British Sign Language


A language of United Kingdom

Alternate Names

40,000 L1 users (Deuchar 1984) out of 909,000 deaf; majority probably have some degree of sign language competence (Deuchar 1977).


England, Wales, Northern Ireland, and Scotland.

Language Status

5 (Developing).


Not inherently intelligible to users of American Sign Language [ase]. Deaf community is cohesive so communication good despite regional differences. Signing varies along a continuum from something usually called Signed English (which draws on BSL vocabulary but uses grammatical structure like spoken English) to natural BSL. Different styles of signing used in different situations, and signers vary in terms of how much of the range of signing styles they control. Many structural similarities between British Sign Language (BSL), Australian Sign Language (Auslan) [asf], and New Zealand Sign Language (NZSL) [nzs] and a high degree of mutual intelligibility (Johnston 2003). Linguists sometimes use the name BANZSL to refer to them as a group, while still recognizing each as a separate language.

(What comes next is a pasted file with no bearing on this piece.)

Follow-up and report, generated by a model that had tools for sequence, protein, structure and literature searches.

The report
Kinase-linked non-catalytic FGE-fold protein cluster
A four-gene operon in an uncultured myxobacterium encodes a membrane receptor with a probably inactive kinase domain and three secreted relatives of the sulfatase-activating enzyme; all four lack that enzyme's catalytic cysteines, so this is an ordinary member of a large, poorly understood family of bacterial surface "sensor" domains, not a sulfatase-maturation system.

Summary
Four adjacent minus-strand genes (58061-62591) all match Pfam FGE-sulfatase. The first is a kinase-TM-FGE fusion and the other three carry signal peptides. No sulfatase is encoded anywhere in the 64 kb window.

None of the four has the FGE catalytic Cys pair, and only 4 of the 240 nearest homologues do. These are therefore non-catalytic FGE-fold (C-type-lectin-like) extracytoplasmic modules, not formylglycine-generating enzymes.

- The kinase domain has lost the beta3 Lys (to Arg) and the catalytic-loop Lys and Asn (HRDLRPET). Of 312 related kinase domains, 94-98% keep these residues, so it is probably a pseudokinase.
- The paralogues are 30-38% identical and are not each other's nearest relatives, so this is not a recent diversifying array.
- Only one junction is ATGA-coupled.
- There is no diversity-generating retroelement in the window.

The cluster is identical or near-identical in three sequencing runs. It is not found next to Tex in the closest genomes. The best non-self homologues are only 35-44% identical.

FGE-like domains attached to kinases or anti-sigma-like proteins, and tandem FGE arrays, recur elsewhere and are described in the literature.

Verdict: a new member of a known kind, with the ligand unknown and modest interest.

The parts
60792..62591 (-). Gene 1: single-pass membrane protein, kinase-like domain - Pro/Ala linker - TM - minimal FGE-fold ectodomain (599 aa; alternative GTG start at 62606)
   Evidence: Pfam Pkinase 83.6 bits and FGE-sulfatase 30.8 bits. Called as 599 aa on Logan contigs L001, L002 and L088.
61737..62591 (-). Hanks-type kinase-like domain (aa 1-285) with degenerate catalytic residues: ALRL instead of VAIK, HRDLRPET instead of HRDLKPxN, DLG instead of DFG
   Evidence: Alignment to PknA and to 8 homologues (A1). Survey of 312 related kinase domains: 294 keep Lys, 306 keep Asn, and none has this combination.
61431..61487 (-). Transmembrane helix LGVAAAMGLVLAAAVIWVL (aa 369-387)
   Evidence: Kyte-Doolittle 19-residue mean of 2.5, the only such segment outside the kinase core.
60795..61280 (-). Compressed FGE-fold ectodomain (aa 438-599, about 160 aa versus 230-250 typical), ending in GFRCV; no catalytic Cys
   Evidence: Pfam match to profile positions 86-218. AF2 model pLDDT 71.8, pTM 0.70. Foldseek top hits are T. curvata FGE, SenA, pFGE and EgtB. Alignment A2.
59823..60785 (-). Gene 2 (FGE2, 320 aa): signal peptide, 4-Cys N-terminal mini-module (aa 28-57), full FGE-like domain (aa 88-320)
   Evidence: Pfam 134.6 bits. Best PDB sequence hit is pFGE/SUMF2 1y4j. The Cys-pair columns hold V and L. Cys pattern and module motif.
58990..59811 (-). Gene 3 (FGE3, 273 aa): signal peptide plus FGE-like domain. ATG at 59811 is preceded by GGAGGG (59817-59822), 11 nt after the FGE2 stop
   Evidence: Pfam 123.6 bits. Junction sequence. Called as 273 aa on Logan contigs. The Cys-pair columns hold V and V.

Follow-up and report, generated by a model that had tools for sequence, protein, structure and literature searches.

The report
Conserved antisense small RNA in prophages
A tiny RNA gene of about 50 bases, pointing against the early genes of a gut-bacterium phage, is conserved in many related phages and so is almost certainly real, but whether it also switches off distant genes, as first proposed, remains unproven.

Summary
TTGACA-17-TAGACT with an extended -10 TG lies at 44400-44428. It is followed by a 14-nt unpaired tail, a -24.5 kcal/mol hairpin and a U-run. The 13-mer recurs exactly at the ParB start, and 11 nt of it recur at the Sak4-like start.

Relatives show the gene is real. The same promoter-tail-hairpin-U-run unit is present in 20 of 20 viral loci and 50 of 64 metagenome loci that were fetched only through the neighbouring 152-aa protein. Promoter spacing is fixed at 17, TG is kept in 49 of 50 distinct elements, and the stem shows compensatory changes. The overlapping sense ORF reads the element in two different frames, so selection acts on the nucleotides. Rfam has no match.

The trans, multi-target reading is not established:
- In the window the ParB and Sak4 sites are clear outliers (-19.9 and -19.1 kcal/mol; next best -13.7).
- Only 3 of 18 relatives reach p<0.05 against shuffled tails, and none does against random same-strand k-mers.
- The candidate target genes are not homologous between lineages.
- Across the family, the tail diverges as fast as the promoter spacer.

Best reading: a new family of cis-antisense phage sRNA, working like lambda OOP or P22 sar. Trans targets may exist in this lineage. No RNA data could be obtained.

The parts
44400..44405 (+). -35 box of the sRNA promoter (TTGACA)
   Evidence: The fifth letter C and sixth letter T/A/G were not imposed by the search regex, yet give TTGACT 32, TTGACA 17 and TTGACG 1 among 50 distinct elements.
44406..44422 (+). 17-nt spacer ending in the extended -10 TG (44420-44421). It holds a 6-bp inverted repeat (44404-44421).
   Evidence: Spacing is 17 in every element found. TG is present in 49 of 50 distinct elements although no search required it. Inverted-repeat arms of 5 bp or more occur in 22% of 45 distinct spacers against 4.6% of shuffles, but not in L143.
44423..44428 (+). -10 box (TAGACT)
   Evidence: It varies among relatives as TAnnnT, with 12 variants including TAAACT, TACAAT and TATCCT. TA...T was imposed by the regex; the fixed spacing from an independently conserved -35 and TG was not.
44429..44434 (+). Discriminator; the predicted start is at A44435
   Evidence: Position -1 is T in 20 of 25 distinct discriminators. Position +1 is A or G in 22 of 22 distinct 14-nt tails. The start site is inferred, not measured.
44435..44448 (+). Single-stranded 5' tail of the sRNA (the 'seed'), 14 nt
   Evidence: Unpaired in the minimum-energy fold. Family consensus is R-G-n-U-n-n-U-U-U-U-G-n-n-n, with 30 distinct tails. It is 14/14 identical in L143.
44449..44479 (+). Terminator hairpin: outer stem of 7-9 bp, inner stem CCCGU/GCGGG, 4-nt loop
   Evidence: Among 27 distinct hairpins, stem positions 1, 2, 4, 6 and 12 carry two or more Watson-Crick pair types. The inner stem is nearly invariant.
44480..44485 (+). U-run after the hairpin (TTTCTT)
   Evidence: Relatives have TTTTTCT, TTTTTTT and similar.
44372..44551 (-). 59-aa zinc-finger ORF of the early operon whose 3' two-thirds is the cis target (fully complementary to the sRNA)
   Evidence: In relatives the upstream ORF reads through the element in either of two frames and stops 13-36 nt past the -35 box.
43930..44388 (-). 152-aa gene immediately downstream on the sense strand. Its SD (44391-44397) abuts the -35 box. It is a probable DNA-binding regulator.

Language Use

Good regional and national organizations for the deaf. Interpreters required in court, and provided in some other situations. Instruction for parents of deaf children. Many sign language classes for hearing people. Increasing desire to train deaf children in BSL. Organization for sign language teachers. Committee on national sign language. Sign language used before 1644. Deaf schools established in the late 18th century.

Language Development
Films. TV. Videos. Dictionary. Grammar.
HamNoSys Notation. Stokoe Notation, most common usage.